The VC – CEO relationship

I’m in the process of closing a new investment right now and getting to know this CEO has been a particular joy. There is a long road ahead, but it’s a great sign when we can start off just being honest with each other.

As an entrepreneur I got terrible advice on how to relate to investors from fellow founders. One CEO described his “attachment method” of overly communicating to create the sense of ownership that would make a VC keep giving them money. Then another would tell me to never give the slightest detail of the business because it just gave them the ammo to think they can control you. The problem with these approaches is that they assume there is some formula for how to win at managing an investor.

A CEOs relationship with an investor is exactly that, a relationship. And just like there is no “paint by numbers” template on how to interact in a marriage there is not a single right way for the CEO – VC relationship.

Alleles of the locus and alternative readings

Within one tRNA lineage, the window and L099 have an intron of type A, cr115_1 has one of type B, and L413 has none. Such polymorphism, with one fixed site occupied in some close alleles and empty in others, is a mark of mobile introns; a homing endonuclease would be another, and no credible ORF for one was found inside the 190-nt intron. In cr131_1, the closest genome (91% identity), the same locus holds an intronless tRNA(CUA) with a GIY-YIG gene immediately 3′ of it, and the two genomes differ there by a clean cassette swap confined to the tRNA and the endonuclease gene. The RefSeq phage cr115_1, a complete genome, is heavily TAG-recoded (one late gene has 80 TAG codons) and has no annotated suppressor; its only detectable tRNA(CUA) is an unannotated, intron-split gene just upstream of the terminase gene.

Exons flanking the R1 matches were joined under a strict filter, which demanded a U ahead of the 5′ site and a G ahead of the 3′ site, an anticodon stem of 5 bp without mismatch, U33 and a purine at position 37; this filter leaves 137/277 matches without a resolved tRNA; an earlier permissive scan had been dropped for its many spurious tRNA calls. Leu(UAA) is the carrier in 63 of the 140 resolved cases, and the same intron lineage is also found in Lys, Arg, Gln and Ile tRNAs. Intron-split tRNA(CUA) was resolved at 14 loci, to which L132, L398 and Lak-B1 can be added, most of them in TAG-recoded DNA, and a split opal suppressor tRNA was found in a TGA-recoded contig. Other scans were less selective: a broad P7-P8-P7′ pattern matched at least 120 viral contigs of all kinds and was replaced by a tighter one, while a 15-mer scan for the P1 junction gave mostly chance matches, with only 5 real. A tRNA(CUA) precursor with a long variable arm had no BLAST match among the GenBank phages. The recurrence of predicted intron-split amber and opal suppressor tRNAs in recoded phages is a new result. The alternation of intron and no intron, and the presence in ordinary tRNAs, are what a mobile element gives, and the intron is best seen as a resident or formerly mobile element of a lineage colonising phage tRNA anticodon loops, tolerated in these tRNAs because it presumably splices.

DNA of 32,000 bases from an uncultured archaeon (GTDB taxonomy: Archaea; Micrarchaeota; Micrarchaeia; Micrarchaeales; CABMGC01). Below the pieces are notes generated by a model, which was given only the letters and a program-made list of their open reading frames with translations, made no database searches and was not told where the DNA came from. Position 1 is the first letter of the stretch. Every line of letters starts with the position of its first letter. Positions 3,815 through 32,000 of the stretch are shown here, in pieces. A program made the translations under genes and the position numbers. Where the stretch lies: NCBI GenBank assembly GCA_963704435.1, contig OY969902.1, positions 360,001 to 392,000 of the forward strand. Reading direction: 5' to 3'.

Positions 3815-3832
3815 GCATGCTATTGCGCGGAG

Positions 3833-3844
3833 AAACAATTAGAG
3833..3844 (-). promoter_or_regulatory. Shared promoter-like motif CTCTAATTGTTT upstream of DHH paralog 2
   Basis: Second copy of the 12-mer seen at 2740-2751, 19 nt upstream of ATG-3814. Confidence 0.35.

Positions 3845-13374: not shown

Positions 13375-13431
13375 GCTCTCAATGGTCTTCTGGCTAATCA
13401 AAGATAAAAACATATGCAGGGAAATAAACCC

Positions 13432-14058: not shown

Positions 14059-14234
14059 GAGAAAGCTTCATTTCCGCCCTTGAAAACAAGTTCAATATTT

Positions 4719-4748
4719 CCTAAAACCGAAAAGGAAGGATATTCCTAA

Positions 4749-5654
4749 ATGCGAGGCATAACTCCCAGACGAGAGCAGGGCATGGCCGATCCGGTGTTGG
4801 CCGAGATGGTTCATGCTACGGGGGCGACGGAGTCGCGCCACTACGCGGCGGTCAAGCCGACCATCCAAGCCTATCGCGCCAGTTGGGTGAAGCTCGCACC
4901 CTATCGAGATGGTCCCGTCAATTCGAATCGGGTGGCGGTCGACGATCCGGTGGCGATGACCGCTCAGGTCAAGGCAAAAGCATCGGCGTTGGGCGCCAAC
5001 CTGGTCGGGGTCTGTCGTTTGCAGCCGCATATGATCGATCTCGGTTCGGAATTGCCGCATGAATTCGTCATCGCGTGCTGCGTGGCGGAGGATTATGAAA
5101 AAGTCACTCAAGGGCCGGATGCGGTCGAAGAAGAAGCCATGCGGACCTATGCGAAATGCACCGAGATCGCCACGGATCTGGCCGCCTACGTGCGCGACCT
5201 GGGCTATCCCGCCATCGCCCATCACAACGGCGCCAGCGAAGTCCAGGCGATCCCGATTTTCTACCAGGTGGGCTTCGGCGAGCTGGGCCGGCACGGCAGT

Many VCs are pretty terrible, but that doesn’t mean the goal should be to cynically “manage them.” Some of the best companies happen to have extremely strong partnerships that form with a board member. There is a reason that so many CEOs and investors reacted so strongly to the photo of David and Bijan after the Tumblr sale. They know how good those relationships can be when they happen. 

I’ve had overly nervous VCs that were regularly disruptive, and I’ve had the benefit of true loyalty from real partners. I’ve had largely passive investors that were there when I needed them, and very involved investors that were a huge help. As a founder I tried to not get cynical about investors, and I fight to have that same approach on the other side now. 

As my friend and entrepreneur turned investor Keith Rabois says, it’s easier to get divorced than get rid of an investor, so you might as well treat this as a relationship worth getting right. There’s a person across the table, they aren’t perfect, but they are family now. 

I’m excited about this new company, but also about the people I’m going to be partnering with. Speaking from experience, when it is right the CEO – investor relationship can be one of the most rewarding relationships in business.